There was another sheet dot matrix sheet with a series of times and notes about how the subject had met with various people, including Ilona Swedburg. Okay, Ilona Watts. There was a photocopy of a news story about a KGB assassin who had been taken into custody about six years before. The picture gracing the article was of Ilona. But the most damning of all was a letter from a small university in Massachusetts, or rather a photocopy of the original letter.

“Dear Dr. Blakely,” it read. “Thank you for your enquiry into…” The name was blacked out. “We can confirm that he was a PhD candidate at our institution, finishing in 1975. However, shortly after his dissertation was passed, we discovered that he had falsified certain data that he had used to prove his thesis and rescinded his degree. We hope this answers your question. Sincerely…”

I looked at the sheet with the times and notes. One of the dates was September twenty-second, the evening after the canoeing party. It noted that Ilona Watts had shown up at the bar and the subject had disappeared shortly after. So, Eunice had been watching, too, that night.

At that point, I had a rather good idea of who our amateur under KGB control was. I only had one more question and the person who could answer it was in Los Angeles. It was just after three o’clock Wisconsin time, which meant one o’clock L.A. time. I probably shouldn’t have, but I used the phone on my desk to make the call. I did use one of our long-distance card codes to do it, though, which would make it harder to track.

He picked up after three rings.

“It’s me,” I told him.

“Hey. You doing okay?”

“Oh, fine. You?”

“Good enough. Not much going on around here, although I did touch base with a couple editors for more assignments. Looks like I’ll be pretty busy through the end of the month.”

“Great.”

“Nick’s coming in for the weekend tomorrow.”

“Oh, good. Tell him I love him, will you?”

“Sure.”

“I do have a couple questions for you. Um. When Tim blew your cover, was there anyone else around besides what’s-his-name, Timorivich?”

“Yeah. That sociology professor. Come to think of it, I saw him a few times before the tailing team showed.”

“That does not surprise me. I think we’ve got some evidence, but this helps. I saw Max this morning.”

He chuckled. “Good. How’s he doing?”

“He was a little worried about his girlfriend.”

“Ah. Dr. Mercer.”

“He told you about that?”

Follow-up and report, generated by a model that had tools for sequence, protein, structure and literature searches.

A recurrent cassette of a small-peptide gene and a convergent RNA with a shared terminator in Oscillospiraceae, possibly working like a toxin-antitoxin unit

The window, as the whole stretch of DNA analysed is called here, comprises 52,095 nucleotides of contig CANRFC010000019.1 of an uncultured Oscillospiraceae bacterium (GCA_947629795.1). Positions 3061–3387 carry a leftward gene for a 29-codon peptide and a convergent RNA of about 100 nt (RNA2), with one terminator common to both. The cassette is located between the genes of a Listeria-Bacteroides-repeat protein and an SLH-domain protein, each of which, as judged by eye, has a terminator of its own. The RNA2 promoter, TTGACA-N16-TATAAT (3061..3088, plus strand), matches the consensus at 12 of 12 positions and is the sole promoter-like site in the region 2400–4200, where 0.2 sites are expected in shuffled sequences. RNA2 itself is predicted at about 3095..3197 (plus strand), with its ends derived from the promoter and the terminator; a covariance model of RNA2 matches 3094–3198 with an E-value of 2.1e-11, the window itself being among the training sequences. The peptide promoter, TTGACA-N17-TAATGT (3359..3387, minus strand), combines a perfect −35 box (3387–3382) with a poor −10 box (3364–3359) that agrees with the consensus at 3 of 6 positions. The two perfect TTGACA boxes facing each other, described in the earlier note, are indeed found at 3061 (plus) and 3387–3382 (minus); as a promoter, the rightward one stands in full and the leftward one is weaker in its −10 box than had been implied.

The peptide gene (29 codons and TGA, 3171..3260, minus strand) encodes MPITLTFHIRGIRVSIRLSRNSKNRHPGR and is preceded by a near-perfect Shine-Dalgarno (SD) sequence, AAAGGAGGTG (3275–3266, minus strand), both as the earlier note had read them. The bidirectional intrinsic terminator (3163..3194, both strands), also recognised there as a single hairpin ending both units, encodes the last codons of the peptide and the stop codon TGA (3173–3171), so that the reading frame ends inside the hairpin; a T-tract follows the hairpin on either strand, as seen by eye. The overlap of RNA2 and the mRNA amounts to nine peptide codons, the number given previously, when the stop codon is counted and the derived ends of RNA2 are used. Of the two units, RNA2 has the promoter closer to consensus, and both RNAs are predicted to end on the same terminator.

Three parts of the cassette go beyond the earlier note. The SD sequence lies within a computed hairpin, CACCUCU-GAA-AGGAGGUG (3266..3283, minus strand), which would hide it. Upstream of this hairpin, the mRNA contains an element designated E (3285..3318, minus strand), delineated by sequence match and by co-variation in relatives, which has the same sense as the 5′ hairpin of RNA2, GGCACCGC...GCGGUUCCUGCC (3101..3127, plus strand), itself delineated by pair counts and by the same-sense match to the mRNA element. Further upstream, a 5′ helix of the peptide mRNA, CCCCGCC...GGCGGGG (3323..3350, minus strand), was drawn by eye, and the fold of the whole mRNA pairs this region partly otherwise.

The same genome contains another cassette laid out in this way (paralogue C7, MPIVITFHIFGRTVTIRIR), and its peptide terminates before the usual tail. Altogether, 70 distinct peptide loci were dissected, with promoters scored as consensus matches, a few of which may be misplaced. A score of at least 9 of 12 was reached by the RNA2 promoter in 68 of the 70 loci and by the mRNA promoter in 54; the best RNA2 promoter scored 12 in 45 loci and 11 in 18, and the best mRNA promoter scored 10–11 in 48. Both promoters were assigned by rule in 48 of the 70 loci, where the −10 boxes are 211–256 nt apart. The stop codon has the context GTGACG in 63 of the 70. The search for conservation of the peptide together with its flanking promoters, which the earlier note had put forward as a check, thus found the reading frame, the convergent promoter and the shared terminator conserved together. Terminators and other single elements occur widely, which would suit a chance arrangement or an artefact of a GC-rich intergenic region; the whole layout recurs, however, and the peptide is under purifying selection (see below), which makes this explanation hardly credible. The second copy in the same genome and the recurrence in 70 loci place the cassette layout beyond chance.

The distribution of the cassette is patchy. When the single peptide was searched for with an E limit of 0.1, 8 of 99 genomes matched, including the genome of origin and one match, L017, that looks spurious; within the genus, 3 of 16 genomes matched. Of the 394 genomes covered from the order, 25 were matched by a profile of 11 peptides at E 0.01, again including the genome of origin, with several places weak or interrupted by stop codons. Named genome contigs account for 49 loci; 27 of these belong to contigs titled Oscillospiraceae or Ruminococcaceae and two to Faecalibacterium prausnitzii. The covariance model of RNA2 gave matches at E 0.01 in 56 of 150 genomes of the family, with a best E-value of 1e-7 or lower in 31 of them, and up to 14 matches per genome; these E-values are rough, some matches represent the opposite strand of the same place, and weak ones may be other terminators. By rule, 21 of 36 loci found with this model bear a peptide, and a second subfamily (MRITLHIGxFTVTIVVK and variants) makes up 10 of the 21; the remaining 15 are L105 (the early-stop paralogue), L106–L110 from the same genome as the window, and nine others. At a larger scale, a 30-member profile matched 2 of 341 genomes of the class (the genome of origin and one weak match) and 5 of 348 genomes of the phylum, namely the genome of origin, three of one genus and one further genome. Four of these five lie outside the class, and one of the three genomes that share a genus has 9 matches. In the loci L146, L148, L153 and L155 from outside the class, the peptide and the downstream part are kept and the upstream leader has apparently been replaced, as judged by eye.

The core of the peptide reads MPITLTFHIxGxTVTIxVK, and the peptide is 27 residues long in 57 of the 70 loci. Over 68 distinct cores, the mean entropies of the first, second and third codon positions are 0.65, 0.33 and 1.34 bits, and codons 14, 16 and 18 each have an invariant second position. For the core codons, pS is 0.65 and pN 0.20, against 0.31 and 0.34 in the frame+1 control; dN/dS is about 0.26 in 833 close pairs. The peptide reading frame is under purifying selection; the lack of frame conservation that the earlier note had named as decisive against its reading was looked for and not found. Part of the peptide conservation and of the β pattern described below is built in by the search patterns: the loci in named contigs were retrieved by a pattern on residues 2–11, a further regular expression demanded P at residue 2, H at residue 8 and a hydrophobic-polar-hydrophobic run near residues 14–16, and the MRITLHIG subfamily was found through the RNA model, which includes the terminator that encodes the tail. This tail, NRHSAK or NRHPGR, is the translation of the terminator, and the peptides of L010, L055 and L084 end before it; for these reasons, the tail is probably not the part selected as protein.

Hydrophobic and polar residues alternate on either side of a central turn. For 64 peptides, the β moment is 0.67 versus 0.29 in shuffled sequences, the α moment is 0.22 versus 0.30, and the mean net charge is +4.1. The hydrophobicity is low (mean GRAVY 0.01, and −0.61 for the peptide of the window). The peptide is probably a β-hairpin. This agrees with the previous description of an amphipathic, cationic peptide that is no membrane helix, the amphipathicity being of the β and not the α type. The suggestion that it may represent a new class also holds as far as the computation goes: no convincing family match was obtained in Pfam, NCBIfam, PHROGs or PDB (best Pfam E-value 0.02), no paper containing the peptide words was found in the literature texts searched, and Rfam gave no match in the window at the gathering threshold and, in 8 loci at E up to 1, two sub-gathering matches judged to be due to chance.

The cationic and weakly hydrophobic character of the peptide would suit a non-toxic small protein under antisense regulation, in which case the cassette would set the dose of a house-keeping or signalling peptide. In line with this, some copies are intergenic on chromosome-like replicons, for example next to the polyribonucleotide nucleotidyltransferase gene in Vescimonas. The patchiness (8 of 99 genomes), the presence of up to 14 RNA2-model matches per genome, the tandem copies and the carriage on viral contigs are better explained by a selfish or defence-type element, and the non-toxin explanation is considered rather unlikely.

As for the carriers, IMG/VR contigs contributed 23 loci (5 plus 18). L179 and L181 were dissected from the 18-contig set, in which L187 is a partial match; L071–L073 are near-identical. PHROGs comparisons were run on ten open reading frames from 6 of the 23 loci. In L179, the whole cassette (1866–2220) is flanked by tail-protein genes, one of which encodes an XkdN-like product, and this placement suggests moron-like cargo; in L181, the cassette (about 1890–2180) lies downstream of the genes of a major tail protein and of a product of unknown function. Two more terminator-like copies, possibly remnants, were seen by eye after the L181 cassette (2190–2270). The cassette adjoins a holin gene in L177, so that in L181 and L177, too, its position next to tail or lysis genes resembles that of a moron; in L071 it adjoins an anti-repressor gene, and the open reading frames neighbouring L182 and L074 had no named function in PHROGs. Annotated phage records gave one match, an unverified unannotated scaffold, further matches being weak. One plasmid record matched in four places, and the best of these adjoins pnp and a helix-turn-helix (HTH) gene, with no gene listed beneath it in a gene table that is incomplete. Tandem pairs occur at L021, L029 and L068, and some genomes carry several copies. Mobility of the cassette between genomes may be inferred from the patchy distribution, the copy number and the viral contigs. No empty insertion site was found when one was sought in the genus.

“Oh, yeah. We had an extended conversation about being in love.” He sighed. “He and Terry Michaels both called me on it.”

“On what?”

“On my feelings for you.” He paused. “If it makes you feel any better, I’d like to put it that way, but it still feels like a line to me.”

“That’s okay. I mean that.”

“I know you do.” He paused again. “I miss you already.”

“I miss you, too.” I swallowed. “I may have this wrapped up, but I’ll probably have to stay through the end of the quarter. My students, you know, not to mention my cover.”

He laughed. “I love it. Students first, then your cover.”

“What can I say? I’ll call on Sundays. Will that work?”

“I’ll make it work.”

“Thank you.”

“Thank you, honey.”

“I’ll see you by Thanksgiving.”

“I’m looking forward to it.”

“Me, too.”

I hung up. I spent another hour or so mulling over ways to handle the situation, but then, eventually, picked up the phone and dialed Fran at home. She’d been worried when I hadn’t called her the night before. I told her I’d fallen asleep in my office and she bought it.

I must give Fran a lot of credit. Once she saw all the evidence that Eunice had gathered, she came up with an almost sensible plan for how to deal with it.

“Shouldn’t we call Sergeant Renecke?” I asked her the next morning as we waited in her apartment. We’d both called in sick that day and our classes had been canceled.

“I already did.” Fran snorted. “He didn’t entirely take me seriously. He just told me to not do anything dangerous.”

“Which is exactly what I think we’re about to do,” I said.

Fran shrugged. “I think we can handle it. You took down Ernie at Eunice’s funeral with no problem.”

I rolled my eyes. “Self-defense class. This is different.”

“Don’t be such a worry wart. We’ll be fine.”

“I sure hope so.”

The knock on Fran’s door came a little late, but when Fran opened it, Ted was there. I surreptitiously turned on the cassette recorder hidden under the coffee table.

“Come on in, Ted,” she said. “I’ve got tea ready. Would you like a cup?”

“Uh, sure.” Ted wandered into the living room.

Thanks to the many years Fran had been at Martin U., her apartment was much more nicely decorated than mine. There were some good prints on the walls. She had a lovely mix of antiques and modern furniture in her living room. Ted settled on the dark blue velvet couch, while I landed in the overstuffed chair on one end and Fran sat in the matching chair on the opposite end of the couch. Fran poured the tea from a pot that she’d set on the end of the coffee table in front of the couch and handed Ted the cup.